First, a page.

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Locals learn how to help beached whales

Whale first-aid workshop at Torquay Beach, presented by Jeannie Lawson, shows how to carry a whale or dolphin to the waters edge.
Whale first-aid workshop at Torquay Beach, presented by Jeannie Lawson, shows how to carry a whale or dolphin to the waters edge. Alistair Brightman

IMMEDIATELY pushing a stranded whale back into the ocean isn't always the best option, as volunteers learned at a "whale first aid" workshop this weekend.

AS part of Hervey Bay's Whale Festival, marine naturalist Jeannie Lawson has hosted a workshop teaching about 15 people what to do when they come across a stranded whale.

"There are plenty of reasons why pushing a stranded whale straight back into the water can be dangerous for the animal," Ms Lawson said.

"It's important to call the authorities and keep people and dogs away from the whale because they are distressed enough as it is being on the beach."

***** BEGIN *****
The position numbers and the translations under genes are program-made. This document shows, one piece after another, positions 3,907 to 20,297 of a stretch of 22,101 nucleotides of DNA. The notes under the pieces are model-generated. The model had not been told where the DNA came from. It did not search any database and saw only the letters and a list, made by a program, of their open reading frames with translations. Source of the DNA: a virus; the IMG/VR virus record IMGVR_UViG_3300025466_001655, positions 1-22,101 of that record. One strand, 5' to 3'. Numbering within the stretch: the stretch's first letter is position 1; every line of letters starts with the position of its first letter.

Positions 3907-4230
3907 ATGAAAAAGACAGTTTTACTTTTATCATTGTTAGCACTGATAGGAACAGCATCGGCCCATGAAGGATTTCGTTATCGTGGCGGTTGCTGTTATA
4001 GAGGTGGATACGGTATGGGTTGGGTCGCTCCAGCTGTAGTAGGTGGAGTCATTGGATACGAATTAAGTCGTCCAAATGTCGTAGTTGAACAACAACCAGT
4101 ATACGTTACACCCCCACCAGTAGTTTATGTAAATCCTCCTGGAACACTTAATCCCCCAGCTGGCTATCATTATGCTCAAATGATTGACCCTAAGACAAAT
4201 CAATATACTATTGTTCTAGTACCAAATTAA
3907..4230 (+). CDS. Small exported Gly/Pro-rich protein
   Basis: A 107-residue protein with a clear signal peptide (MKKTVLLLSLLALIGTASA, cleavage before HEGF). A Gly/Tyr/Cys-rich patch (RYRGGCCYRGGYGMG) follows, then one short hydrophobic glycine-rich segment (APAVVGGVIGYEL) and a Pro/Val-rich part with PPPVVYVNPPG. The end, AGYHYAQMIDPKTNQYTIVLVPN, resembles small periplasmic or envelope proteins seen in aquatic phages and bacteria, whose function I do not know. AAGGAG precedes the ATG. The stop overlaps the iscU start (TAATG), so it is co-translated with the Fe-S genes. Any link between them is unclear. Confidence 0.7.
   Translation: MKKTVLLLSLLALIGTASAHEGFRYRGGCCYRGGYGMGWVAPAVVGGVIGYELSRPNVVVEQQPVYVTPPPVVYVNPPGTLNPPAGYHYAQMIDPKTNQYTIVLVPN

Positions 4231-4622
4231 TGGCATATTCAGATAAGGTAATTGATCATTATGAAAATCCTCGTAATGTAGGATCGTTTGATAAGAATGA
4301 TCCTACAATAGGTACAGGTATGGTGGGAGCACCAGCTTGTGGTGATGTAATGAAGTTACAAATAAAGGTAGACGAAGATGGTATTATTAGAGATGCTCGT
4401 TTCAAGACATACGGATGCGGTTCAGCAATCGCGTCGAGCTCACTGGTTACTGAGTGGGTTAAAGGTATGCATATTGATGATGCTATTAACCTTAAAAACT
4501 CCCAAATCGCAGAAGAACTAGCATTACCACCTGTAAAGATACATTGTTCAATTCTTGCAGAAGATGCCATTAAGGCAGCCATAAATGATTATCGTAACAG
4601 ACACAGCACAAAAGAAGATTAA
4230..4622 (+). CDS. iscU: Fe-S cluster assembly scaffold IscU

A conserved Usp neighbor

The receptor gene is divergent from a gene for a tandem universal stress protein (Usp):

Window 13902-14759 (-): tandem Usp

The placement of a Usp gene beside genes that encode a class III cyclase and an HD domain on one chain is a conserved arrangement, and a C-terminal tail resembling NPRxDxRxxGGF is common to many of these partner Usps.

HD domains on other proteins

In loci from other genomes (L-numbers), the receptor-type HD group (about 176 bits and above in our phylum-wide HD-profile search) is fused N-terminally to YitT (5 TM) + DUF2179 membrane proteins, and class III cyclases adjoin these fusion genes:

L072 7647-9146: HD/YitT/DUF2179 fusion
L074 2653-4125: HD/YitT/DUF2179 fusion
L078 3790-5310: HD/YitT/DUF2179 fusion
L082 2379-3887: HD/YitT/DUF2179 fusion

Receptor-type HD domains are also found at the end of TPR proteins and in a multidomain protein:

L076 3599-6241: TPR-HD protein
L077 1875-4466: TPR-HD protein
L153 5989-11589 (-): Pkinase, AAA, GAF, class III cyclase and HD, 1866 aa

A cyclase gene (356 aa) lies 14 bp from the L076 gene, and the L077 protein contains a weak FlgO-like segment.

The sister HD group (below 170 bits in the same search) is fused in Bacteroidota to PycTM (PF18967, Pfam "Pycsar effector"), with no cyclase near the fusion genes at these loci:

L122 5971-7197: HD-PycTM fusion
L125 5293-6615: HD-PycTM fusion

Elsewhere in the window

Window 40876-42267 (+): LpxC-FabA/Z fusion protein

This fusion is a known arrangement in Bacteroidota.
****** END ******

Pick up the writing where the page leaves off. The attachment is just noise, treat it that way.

Local wildlife rescuer Toni West who attended the workshop said she was surprised by some of the rules of whale rescue.

"I'm doing this to expand my knowledge base so in the event that we do get a stranded whale in Hervey Bay there will be a couple of people in town who know what to do."

 

Whale first aid

 - Cover the animal's back with sheets

 - Do not cover the blowhole or pour water down it.

 - Do not use the flippers, tail or fin as handles.

Topics:  hervey bay, whale festival, whales




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